Monday, July 27, 2015

Audi SUV all racked up and ready to ride

The base rack is made by Thule specifically for Audi and most closely resembles the Rapid Podium rack with AeroBlade crossbars.  This rack is low profile and the crossbars are the most aerodynamic on the market.  The Yakima Frontloader bike racks can transport any size bike and any frame design. The frontloader is the easiest bike rack on the market to assemble and install.  Its also super easy to load up and go.

Thursday, April 30, 2015

Backcountry Racks Spring Sale + Coupon

Planning a road trip?  We'll help you get there.

Turn this...

Into this.

Use this coupon for an additional 10% off our already low prices:  10-more

Shop Now

Friday, November 21, 2014

Backcountry Racks coupon

Let's start the holiday season off right.  Here is a little gravy for your turkey. 

20% off Thule 

20% off Yakima

20% off Rhino Rack 

Use this coupon for an additional 10% off Kuat bike racks:    kuat10 

As always, all orders over $99 ship for free.

Thursday, October 23, 2014

Thank you Mr. Box!

We recently came across a new website that quickly grabbed out attention.  The site is call Mr.Box and it is nothing more than an image of a car/truck/SUV with a cargo box on the roof.  You can configure endless combinations from 100s of cars and dozens of cargo boxes.  The possibilities are endless.

Below is an image of our family rig:

We love this kind of stuff and spent a little too long on the site.  Anyone interested in purchasing a cargo box should visit this site and geek out just like we did.

Friday, May 31, 2013

Custom roof rack for a 2006 Toyota Prius

This is my personal vehicle, a 2006 Toyota Prius.  I originally installed a Yakima Q Towers roof rack.  It worked as it should and was not permanent.  The Thule Side Arm upright bike rack and the Thule Spirit cargo box both fit easily on 58" crossbars.  The Spirit has been discontinued, which is unfortunate.  It was my favorite cargo box.

Then I installed a Thule Aero Foot roof rack just to be able to compare Thule vs. Yakima.  The required Yakima bars were 58" long, but only 50" for Thule.  The Thule rack has a shorter distance from the front bar to the rear bar (24" vs 32"), but supported more weight.  The Yakima rack is easier and quicker to remove but the Thule rack is slightly easier to install.  The clips for all Thule racks are coated as to not scratch the paint.  The Yakima clips are not.

We do tons of custom installations every year and it was time for me to put my skills to the test.  I planned on permanently mounting the Yakima Control Tower roof rack.  I would be able to take the rack off and on super easy and set the bar spread distance to my liking.  I liked the round bar because it is much easier to work with on a rounded roof like the Prius.  I chose to mount the front bar within a few inches of where the Q Towers and Aero Foot racks were mounted on the Prius.  I put the rear bar 30" back from the front bar.  This is more than adequate.

This is theYakima Landing Pad #7 mounting hardware for the Control Tower roof rack.  Relatively basic except for the parts on the bottom left.  The silicon is all that is needed to properly seal the holes and prevent any leaks.
Here is a closeup of the hardware and how it works.  It is not an easy task to thread the bolt.

The whole process can be a little nerve racking.  Getting precise measurements to match up on both sides is tricky.  I chose not to remove the headliner which meant I was drilling blind.  This is always a big risk.  Its hard to tell if you are going to drill into a frame support.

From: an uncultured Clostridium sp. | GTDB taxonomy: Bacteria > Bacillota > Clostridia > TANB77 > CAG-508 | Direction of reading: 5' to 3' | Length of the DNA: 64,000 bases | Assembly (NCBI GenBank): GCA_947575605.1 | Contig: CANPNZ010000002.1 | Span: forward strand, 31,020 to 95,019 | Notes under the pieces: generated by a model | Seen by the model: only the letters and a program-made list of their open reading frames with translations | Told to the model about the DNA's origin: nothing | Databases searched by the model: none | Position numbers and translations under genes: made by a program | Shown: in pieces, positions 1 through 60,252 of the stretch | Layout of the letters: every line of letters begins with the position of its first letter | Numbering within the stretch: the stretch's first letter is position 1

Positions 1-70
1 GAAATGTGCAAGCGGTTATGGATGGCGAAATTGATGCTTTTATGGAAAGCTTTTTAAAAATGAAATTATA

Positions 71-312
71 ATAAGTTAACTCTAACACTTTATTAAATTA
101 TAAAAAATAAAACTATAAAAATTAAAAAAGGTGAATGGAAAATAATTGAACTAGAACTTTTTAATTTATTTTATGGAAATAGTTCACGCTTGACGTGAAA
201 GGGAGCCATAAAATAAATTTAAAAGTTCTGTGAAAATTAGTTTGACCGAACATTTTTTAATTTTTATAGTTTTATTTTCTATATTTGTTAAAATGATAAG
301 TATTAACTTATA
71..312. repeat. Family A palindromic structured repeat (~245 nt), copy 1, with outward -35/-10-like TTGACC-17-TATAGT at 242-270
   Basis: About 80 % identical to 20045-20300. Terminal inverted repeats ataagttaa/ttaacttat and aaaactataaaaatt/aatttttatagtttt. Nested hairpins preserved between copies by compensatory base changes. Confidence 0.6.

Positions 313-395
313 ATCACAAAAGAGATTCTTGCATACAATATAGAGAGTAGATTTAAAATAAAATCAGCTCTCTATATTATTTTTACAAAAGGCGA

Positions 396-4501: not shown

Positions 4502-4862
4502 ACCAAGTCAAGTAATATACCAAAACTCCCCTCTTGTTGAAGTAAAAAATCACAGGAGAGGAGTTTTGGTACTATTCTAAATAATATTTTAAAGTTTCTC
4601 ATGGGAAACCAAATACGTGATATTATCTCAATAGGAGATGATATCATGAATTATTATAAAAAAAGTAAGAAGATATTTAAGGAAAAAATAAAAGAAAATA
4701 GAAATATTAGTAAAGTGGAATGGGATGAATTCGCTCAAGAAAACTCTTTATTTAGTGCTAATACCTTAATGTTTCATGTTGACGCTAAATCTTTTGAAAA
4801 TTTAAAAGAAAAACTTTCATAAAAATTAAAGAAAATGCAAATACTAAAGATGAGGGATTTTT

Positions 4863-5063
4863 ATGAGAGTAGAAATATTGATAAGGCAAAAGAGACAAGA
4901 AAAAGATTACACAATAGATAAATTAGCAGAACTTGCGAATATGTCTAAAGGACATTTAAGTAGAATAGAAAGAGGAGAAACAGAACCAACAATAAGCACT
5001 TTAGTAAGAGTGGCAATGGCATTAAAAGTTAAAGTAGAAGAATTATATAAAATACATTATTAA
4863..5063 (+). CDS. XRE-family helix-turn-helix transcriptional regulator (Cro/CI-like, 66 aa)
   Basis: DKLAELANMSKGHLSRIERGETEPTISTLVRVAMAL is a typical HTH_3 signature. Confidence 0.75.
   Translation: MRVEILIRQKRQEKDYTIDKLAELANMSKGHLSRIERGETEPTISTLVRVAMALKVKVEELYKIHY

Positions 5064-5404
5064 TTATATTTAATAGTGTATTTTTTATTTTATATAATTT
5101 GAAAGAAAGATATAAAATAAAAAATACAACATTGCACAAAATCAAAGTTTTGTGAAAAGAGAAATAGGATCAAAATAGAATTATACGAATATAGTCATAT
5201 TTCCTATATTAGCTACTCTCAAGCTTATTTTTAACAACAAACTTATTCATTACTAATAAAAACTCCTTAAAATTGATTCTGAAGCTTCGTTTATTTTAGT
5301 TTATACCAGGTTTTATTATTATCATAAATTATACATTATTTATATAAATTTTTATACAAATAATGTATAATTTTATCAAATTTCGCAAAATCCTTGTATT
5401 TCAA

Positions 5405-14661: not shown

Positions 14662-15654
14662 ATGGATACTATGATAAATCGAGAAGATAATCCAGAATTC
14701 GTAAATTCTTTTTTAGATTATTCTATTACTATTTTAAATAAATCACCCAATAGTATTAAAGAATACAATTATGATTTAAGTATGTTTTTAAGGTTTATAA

The finished product.

It was well worth the effort.  Its now 5 years later and the roof racks works perfect.  Super strong and no leaks.  I regularly carry and cargo box and/or a bike rack.  I check it periodically and I have a box of spare parts.  I haven't had to make any adjustments.  

Monday, September 10, 2012

Thule racks are Made in 'Merica

Most people think that Thule racks are made in Europe, and rightly so. Thule is a Swedish company. But while some products are indeed made in Europe, 75% of the Thule products sold in North America are actually made the USA. Thule has factories in Seymour, CT and Chicago, IL.

As an added bonus, Thule recently installed a 318-kilowatt solar array on the roof of its CT facility. The array, which consists of over 1,800 solar panels, will offset about 26 percent of the energy used at Thule’s Seymour manufacturing and office facility.

You can read more about their US factories in the Adventure Journal article Made in America: Thule Racks

Wednesday, June 13, 2012

General care and maintenance for your roof rack

Roof racks are built to last and withstand the elements.  But you  still need to take care of them.  Here are some tips to ensure that your roof rack remains in good working order for years to come:

Take the rack accessories off seasonally.  Its not a big deal to leave your rack on year round.  I do.  But I never leave my ski rack on during the summer or leave my bike rack on during the winter.  If you are not going to use it for an extended period or time, take it off.

Take the rack off at least once.  When/if you do take your rack, or any accessory (ski rack, bike rack) off, clean it up.  Use a wet rag to clean off all of the dirt, grim, and spiderwebs.

Replace parts as needed.  Nuts and bolts can rust, but are easily replaceable.

Make sure that you have all four end caps properly installed so that no water is getting inside.  Thule, Yakima, and Inno crossbars are made of steel and can rust from the inside out.  Yakima bars are round, so when water gets inside, the bars swell.  This make it near impossible to remove the towers from the bars.